04 September 2014

DIY Fork Bike Light Mount

Ever since I finished the MB-1 Bridgestone I have been looking more into adventurous travel by bike. This might be a day out on a light tour or a S24O or even a full on bikepacking trip. I soon figured out that I needed to add some lights to my bikes if I was going to head out on the road for one of these rides.

Here in Virginia there is a law on the books that cyclist must have a white front light and a blinking red light if they ride on a public road between sunset and sunrise with a posted speed of 35mph or higher see here for bike laws. It just makes since to ride with lights anytime because of all the folks trying to drive and use a cell phone at the same time.

One issue that I am having is that I do not want to mount anything else on my handle bars. When I ride I like to move my hands around and I feel like I cannot do that with a handlebar full of stuff. With that issue comes a second issue. I wanted a mount that looks like it is part of the light system and not something I just put together.

With more time wasted on the internet I found all types of set-ups but nothing I liked until I found the Problem Solvers website. They had a cool little Blog section that showed you how to well "solve" stuff.

Now there are a couple of ways that I could have gone with this. I could have used a Gino Light Mount from Paul Components. Problem Solvers has two solutions. Those would be Brake Stud Light Mounts and Quick Release Nut Light Mount.

The Gino Mount would have worked on the MB-1 but not my Waltworks CX bike. I am not sure if the Brake Stud Mount would have worked on the Waltworks because I have Paul Neo Retro Brakes. I am not so sure about using a QR Nut Mount as part of my QR.

I did find two DIY Hacks on the Problem Solver Blog. The first hack was a fork crown light mount and a second hack was afork light mount. Both of these used the QR Nut Light Mount. Both of these solutions I like and both meet my requirement of looking like it is part of the light system.

So now I have two bikes that I want to mount lights on. Only the Bridgestone will work with the crown mount hack but both the Bridgestone and the Waltworks will work with a fork mount set-up. Since both bikes can use the same set-up I only need to make one mount that I can move from bike to bike. So now I have two requirements (1)that the mount looks like its part of the light system and (2) the mount can be moved from bike to bike. I go with fork mount hack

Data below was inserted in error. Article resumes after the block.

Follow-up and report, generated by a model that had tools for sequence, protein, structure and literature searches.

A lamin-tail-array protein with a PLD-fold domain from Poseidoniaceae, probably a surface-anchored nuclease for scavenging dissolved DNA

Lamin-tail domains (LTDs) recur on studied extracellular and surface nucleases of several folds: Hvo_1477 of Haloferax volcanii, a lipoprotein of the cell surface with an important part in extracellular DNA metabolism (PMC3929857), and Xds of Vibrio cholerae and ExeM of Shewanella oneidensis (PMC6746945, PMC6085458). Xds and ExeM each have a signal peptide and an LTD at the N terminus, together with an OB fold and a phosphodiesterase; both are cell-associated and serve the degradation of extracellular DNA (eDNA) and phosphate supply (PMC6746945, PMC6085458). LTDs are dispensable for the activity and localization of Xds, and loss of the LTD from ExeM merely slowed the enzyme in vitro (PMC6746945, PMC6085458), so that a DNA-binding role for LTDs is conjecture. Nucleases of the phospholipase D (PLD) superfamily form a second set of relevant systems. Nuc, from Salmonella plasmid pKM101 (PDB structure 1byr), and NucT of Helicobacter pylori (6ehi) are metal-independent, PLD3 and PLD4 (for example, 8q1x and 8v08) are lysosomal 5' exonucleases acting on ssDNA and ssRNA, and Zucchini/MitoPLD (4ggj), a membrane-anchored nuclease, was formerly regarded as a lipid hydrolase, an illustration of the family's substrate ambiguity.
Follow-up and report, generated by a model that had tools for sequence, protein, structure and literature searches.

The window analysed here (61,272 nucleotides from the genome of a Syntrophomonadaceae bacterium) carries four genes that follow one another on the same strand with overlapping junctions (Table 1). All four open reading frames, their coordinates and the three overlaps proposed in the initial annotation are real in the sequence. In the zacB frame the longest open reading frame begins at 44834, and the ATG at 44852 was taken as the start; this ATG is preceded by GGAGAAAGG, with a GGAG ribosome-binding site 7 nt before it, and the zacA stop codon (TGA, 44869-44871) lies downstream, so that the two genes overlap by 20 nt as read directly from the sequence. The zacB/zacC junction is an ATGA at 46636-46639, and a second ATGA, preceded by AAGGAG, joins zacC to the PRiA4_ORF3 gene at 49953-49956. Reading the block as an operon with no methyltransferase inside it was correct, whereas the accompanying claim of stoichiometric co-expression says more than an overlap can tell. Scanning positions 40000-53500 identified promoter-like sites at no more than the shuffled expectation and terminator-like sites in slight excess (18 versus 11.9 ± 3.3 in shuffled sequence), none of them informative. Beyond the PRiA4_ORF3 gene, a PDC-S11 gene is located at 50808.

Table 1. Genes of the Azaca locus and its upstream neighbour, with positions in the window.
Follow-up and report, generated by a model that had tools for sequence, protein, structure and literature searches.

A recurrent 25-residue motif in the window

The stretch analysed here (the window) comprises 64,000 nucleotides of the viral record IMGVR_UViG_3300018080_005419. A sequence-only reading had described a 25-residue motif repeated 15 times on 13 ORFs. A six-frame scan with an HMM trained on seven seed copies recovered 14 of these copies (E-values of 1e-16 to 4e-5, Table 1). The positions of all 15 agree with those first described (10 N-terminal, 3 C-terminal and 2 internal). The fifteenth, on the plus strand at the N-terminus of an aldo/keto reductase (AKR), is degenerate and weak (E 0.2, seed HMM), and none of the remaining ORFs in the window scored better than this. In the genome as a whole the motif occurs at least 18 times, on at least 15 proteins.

Two things I would like to caution you on. First is cost. I ordered a Cateye FlexTight Bracket #533-8827N off of eBay for around $7 with free shipping. The QR Light Mount I purchase from my LBS. They had to order the mount and it cost me full retail of $25 and two trips to the shop. One trip to make the order and one trip to pick it up. Then I purchase the M5 bolt from my local hardware store and a M5 nut for a grand sum of 65 cents each. So I am about $33 into this project. Next is if your reading comprehension is good, you would have read that you need to tap the M4 nut that is part of the bracket to a M5. This cost me another trip to the hardware store to purchase a M5 tap. Grand Total for the project is now $36. But you can always use a new tool!

This is what my project turned out looking like

I just used the light that I had to see how this would look and work for me. I am looking at using a Princeton Tec PUSH on this mount. I am also going to see how my mini camera will work on the mount.I am happy with the way this project turned out for me and I hope that some of my research on this project will help you. Whatever you do make sure it is the right solution for you and that you have the skills and tools needed to do the job right. Safety first!

02 September 2014

A Dad and Daughter Outing

Took a day last week to have a little one-on-one outing with my daughter. This was the second time that we have gone on a canoe outing. I believe we were the first customers of the day at the canoe and kayak rental service that the park has. For a person that does not own a canoe the parks rental service is a great deal.

We were able to rent a two person Old Town canoe with PFD and paddles for two for a two hour time period for $16. You cannot go to the movies that cheap.


Swift Creek Lake is a 300 acre lake in the heart of Pocahontas State Park.


Our plan was to paddle out to see the eagle's nest. It took us almost and hour to paddle out to the area of the nest. But navigating from the water to where things are on land is a little harder than I thought it would be. Once we got to the nest location I was not sure my daughter had seen it.

With and hour paddle back we catch some of the birds that call the lake their home.

After taking a lunch break, we head to another location in the park so we can hike to the eagle's nest. After a 30 minute hike we make it to our objective.


No eagle's in the nest. That's okay! We had a great time and a great adventure.